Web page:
Yes, I can see several problems here.
You should do some more research on the subject of 'open collector and pullup resistors' and the basic subject of 'the NPN transistor and it's polarity'.

Beside the faults, I suppose you know you will be running this with 4800bd?
The 7812 is of no use here, due to the low headroom.

I also refer to my previous posts, regarding the design.

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ok so what about this one?

user posted image

according to my simulator, it "should" work lol.

oh and btw baud rate is 9600 not 4800.
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Gorgon
Posted: December 10, 2011 07:51 pm
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QUOTE (rayder @ December 10, 2011 02:36 pm)

ok so what about this one?

user posted image

according to my simulator, it "should" work lol.

oh and btw baud rate is 9600 not 4800.

I hope you didn't pay too much for that simulator.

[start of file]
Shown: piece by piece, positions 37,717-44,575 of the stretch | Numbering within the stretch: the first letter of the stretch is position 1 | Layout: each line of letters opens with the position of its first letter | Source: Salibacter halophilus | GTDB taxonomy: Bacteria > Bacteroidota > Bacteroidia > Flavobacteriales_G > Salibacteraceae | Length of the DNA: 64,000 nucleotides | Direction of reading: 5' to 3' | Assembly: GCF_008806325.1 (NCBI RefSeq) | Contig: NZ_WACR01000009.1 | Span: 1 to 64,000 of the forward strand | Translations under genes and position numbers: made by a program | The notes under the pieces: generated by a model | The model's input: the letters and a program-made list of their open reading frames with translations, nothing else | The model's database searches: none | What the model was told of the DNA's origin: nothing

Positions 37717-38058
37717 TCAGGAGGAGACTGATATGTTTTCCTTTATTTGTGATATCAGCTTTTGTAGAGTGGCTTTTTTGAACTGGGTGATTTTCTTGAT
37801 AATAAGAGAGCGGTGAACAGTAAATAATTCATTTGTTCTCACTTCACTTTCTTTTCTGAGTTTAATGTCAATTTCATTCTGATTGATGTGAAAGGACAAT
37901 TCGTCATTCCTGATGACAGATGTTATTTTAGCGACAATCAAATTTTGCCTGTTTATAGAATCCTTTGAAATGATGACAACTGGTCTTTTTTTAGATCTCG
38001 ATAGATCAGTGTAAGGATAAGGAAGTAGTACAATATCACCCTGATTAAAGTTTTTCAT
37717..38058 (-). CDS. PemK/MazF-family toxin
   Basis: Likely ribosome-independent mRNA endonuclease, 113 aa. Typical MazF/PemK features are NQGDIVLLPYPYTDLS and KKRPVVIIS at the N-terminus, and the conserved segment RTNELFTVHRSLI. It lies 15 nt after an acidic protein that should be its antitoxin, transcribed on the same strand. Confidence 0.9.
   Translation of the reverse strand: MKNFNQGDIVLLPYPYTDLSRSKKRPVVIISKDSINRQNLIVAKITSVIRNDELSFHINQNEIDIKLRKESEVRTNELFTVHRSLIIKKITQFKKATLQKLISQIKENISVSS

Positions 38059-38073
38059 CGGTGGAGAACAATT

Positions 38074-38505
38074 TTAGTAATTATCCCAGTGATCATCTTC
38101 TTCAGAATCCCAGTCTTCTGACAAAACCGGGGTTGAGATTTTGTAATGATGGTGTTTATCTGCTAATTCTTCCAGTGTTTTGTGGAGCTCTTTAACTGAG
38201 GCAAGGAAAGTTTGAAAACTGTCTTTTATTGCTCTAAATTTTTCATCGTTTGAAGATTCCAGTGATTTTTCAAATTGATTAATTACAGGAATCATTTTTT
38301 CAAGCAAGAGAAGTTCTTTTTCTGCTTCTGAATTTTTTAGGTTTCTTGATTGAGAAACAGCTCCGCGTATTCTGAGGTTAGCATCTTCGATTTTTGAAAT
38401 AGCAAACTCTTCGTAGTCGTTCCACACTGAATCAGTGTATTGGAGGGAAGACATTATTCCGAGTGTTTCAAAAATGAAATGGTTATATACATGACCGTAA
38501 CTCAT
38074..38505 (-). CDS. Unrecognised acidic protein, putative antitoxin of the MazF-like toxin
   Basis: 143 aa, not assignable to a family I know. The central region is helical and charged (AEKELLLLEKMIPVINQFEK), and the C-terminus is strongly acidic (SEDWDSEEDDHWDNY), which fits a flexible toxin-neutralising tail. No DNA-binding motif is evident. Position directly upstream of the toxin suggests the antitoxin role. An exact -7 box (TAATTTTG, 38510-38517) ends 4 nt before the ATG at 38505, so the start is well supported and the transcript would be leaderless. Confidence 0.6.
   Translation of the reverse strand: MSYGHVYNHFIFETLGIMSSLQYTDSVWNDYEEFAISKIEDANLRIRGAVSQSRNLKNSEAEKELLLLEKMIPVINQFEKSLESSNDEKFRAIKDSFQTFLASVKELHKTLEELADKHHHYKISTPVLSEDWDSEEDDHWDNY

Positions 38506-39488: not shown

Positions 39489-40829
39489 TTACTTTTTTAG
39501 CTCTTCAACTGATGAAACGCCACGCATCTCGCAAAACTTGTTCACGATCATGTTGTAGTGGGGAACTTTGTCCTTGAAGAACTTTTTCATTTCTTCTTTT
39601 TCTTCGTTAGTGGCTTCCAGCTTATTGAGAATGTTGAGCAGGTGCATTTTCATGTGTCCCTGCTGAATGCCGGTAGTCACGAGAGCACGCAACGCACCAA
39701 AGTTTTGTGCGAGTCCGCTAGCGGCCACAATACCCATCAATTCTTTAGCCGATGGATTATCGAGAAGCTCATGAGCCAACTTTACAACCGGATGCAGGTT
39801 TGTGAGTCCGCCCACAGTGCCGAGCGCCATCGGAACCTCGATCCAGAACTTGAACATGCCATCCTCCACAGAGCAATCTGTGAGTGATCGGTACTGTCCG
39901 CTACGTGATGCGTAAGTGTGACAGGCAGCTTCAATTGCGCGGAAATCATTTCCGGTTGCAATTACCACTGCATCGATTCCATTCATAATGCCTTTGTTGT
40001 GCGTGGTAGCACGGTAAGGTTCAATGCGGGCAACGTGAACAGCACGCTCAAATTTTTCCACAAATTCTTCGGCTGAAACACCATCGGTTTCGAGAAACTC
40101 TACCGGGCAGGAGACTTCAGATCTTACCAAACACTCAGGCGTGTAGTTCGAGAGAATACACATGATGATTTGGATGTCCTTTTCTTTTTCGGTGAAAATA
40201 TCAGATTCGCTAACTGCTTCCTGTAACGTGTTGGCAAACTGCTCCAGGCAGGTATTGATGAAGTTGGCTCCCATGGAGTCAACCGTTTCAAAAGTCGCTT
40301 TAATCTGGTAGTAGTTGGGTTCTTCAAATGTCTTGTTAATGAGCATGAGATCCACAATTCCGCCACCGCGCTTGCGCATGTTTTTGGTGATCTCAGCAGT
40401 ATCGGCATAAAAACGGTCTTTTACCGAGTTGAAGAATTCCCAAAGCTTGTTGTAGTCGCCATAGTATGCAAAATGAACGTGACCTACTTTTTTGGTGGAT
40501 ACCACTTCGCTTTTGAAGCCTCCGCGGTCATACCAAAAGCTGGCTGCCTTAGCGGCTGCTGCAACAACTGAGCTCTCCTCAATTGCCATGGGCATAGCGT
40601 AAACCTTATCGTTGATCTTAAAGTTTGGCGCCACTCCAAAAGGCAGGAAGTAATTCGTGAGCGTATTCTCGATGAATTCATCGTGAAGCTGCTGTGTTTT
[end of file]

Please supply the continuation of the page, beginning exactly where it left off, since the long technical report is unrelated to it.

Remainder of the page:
Baudrate first:

2457600Hz / 32(Q5) / 16 = 4800. Use Q4 if you want 9600bd. (The xtal in the example design was twice your frequency.)

Clock output: Should be buffered by a transistor relative to the 12V from the car. With a pullup 1k-2k2. 10k from the 4060 to the base.

Tx(arduino):

The arduino is supplied by 5V. I suppose the Tx output is a normal logic output, and not an open collector. The Tx output will then be kept to 5V by the protection circuits inside the Arduino. The PNP transistor will then be hard on all the time regardless of the output status. This keeps the signal =12V to the car.

Solution: add an emitter base resistor to remove the offset when the output is 5V. A simple resistor ladder may do. When the output is 2V5 the base(PNP) should be at 11V5. To make this simpler, add zener diode(ex 4v7) in series with the resistor, to increase the voltage swing at the base. You'll still need 2 resistors.

Rx(Arduino)
If you don't want to use a buffer, use a pullup to 5V and a serial resistor of about 10k on the Arduino side of the pullup. This for protection of the Arduino.

Since the output from the car is an open collector according to the documentation, you need the pullup to get a signal swing. (example value 4k7)